SUPREME COURT WILL DECIDE CORPORATE LIABILITY IN TERRORIST FINANCING CASE
DALLAS – Last week, the U.S. Supreme Court heard arguments in Jesner, et al., v. Arab Bank PLC to determine whether corporations can be held liable under the Alien Tort Statute, a law passed by the First Congress in 1789. The case stems from the charge that Arab Bank, one of the largest financial institutions in the Middle East, used its New York branch to facilitate payments to Hamas and other terrorist organizations during a wave of attacks during the Second Intifada.
Victims of the attacks brought suit against Arab Bank charging that it had “knowingly and intentionally” engaged in terrorist financing. The ATS allows federal courts to hear cases when actions have been “committed in violation of the law of nations or a treaty of the United States.” In 2014, Sayles Werbner led a team of attorneys in Linde, et al. v. Arab Bank PLC. Together, they represented U.S. citizens who were injured or killed as a result of 24 terrorist attacks in Israel and the Palestinian Territories from 2001 to 2004. In that case, a jury found that Arab Bank facilitated millions of dollars in payments to Hamas leaders and Hamas front organizations.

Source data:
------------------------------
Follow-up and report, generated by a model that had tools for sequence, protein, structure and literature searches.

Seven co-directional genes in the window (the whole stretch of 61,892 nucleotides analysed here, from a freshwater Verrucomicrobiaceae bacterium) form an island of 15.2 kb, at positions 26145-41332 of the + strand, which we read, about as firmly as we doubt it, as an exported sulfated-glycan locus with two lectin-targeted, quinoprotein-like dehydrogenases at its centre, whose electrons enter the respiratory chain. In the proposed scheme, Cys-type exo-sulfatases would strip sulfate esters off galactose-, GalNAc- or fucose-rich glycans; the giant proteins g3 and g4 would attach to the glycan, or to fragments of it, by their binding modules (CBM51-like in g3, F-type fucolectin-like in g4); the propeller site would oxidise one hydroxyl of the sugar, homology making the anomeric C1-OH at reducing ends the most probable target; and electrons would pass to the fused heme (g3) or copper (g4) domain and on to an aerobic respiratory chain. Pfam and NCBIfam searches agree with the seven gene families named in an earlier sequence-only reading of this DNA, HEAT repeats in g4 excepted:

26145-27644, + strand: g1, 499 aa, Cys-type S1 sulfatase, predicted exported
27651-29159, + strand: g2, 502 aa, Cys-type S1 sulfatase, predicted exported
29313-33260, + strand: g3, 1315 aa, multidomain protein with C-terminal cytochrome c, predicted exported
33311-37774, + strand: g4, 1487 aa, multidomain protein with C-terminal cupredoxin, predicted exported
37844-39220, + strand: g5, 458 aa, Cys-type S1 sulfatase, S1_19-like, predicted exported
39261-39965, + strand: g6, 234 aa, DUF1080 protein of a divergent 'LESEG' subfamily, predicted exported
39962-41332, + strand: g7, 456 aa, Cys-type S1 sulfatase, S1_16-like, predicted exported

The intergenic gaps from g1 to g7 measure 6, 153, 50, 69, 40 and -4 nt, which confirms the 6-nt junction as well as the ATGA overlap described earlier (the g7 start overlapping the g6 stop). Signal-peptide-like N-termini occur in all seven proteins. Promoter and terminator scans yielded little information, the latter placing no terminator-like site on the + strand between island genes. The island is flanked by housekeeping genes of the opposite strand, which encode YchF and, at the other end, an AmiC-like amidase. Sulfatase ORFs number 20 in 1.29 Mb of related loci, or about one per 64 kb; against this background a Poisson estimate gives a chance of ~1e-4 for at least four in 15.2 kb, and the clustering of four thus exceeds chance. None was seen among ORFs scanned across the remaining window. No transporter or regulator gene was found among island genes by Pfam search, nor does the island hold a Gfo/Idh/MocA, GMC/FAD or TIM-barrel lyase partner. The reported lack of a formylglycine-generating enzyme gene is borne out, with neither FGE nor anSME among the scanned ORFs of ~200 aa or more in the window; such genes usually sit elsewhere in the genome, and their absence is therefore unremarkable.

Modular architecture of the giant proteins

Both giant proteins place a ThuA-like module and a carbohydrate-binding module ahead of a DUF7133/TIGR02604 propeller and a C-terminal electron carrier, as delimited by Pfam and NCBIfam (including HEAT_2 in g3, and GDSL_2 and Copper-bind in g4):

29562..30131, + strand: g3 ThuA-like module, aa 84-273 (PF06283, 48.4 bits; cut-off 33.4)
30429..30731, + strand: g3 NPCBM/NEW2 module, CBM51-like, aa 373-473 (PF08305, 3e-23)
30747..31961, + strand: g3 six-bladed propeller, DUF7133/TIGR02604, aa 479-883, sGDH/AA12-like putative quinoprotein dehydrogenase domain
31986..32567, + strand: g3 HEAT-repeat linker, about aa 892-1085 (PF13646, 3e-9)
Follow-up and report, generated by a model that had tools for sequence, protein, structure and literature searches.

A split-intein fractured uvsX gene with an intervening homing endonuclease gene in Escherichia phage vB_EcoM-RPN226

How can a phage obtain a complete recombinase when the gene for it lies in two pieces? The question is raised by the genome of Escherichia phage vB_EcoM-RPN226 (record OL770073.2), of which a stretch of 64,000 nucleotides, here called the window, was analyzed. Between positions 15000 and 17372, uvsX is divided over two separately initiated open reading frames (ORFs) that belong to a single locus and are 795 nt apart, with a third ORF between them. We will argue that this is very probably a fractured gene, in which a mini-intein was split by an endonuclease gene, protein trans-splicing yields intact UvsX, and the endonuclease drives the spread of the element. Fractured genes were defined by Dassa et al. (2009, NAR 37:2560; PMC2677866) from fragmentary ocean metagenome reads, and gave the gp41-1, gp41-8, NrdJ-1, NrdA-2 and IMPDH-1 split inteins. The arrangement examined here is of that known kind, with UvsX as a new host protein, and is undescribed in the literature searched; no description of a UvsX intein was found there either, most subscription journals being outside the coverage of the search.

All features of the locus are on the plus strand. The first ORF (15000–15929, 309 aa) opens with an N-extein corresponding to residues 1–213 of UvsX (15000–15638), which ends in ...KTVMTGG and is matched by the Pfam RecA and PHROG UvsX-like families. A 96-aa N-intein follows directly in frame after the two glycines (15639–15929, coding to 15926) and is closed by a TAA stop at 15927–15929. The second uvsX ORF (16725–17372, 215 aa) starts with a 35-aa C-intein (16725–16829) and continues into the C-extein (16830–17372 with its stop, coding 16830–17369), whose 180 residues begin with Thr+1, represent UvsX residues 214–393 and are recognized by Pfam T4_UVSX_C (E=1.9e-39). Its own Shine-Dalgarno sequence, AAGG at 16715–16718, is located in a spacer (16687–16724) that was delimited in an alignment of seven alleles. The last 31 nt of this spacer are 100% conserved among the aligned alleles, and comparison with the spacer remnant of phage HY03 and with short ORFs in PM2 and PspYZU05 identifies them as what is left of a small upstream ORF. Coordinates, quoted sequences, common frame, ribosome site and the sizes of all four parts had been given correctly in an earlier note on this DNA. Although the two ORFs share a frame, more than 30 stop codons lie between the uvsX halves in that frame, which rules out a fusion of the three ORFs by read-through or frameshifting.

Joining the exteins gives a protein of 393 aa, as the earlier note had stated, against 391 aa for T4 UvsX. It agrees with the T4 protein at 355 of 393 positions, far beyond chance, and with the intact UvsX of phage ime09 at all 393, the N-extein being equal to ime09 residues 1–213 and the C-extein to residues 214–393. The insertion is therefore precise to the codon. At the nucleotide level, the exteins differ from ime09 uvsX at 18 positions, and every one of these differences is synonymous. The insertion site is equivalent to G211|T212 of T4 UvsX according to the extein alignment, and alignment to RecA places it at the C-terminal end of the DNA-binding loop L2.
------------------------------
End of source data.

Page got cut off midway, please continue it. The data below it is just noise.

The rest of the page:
Sayles Werbner maintains an international reputation as a proven trial law firm in complex business litigation, life-altering personal injury cases, and cases that requires courtroom expertise.